There is not a lot to explain about this chapter title in The Obstacle is the Way. So, I’ll jump to the first quote that jumped out at me further on in the chapter:
For all species other than us humans, things just are what they are. Our problem is that we’re always trying to figure out what things mean–why things are the way they are.
It’s true, and it’s something I think about often. I mean, I tell myself that a deer in the forest isn’t thinking about the looming Monday and returning to work… it’s just feeling safe or unsafe. (To be fair, the deer doesn’t have to go to work on Monday. But also, its chances of dying of old age are worse than mine.)
The basic idea, the way I read this chapter, is to say that we shouldn’t have a programmed future, as that gives us something to measure ourselves against. Are we progressing towards that future? Is this moment the way we told ourselves it would be?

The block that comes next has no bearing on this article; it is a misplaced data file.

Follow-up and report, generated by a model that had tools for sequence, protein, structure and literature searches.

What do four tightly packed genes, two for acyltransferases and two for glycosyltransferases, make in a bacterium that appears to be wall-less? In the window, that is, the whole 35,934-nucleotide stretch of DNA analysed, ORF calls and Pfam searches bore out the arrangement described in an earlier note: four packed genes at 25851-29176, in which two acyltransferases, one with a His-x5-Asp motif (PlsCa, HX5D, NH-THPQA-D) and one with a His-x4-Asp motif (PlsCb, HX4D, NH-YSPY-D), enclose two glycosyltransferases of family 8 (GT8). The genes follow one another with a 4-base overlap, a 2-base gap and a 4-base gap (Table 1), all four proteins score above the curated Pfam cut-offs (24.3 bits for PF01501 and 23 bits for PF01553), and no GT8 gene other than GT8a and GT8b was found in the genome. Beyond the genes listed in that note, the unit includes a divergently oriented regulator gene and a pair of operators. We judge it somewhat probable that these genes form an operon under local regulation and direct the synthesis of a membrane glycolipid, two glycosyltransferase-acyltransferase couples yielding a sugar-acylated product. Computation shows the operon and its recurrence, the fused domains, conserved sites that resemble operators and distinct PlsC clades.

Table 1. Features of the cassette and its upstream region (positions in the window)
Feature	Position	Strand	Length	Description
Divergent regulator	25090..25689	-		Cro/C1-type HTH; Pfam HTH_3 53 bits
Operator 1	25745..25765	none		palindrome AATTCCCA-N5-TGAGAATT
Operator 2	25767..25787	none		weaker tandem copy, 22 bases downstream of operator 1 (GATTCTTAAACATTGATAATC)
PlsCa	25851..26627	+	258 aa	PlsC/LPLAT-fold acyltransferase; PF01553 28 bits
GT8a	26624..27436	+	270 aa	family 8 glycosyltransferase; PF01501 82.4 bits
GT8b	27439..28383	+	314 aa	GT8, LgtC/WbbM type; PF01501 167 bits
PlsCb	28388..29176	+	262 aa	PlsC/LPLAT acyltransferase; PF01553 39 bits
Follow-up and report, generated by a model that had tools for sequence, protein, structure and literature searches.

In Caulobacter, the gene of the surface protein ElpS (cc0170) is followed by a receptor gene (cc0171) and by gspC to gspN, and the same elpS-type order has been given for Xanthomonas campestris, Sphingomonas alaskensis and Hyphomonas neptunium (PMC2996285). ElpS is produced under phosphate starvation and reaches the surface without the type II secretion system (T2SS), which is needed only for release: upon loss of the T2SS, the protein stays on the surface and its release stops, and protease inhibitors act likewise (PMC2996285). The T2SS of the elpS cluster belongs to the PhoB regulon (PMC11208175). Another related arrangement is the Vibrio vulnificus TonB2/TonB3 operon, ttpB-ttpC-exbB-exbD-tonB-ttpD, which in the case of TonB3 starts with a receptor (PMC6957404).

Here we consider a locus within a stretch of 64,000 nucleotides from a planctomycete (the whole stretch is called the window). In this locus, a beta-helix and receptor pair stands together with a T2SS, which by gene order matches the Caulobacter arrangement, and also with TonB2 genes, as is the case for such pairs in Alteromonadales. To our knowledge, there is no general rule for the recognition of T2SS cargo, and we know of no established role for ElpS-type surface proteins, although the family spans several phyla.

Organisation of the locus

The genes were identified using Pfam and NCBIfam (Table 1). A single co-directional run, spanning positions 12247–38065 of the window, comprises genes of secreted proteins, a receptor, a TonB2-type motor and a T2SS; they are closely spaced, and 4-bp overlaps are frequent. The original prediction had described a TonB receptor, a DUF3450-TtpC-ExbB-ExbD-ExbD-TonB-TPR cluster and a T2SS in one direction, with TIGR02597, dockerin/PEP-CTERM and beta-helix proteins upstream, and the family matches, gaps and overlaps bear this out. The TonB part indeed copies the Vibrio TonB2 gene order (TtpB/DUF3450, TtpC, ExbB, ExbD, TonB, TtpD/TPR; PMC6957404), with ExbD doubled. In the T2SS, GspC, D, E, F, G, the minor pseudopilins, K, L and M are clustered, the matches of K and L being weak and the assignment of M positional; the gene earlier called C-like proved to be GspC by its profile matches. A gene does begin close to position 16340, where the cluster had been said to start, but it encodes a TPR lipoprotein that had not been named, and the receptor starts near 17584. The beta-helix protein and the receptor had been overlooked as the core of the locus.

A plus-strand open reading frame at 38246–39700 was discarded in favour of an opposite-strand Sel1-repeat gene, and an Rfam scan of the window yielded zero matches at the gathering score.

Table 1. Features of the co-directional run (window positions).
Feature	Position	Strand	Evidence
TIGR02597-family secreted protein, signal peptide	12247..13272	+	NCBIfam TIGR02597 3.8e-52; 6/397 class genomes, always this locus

The book doesn’t say this, but I assume that there’s no indication that we shouldn’t make plans, only that we shouldn’t let those plans overwhelm us.
Something I like about this book is that the author, Ryan Holiday, makes some concrete suggestions:
You’ll find the method that works best for you, but there are many thigns that can pul you into the present moment: Strenuous exercise. Unplugging. A walk in the park. Meditation. Getting a dog–they’re a constant reminder of how pleasant the present is.
And, he goes on to provide one more great piece of advice:
On thing is certain. It’s not simply a matter of saying: Oh, I’ll live in the present. You have to work at it. Catch your mind when it wanders. Don’t let it get away from you.
When it’s not easy for me, it’s good to know that it’s not easy for anyone.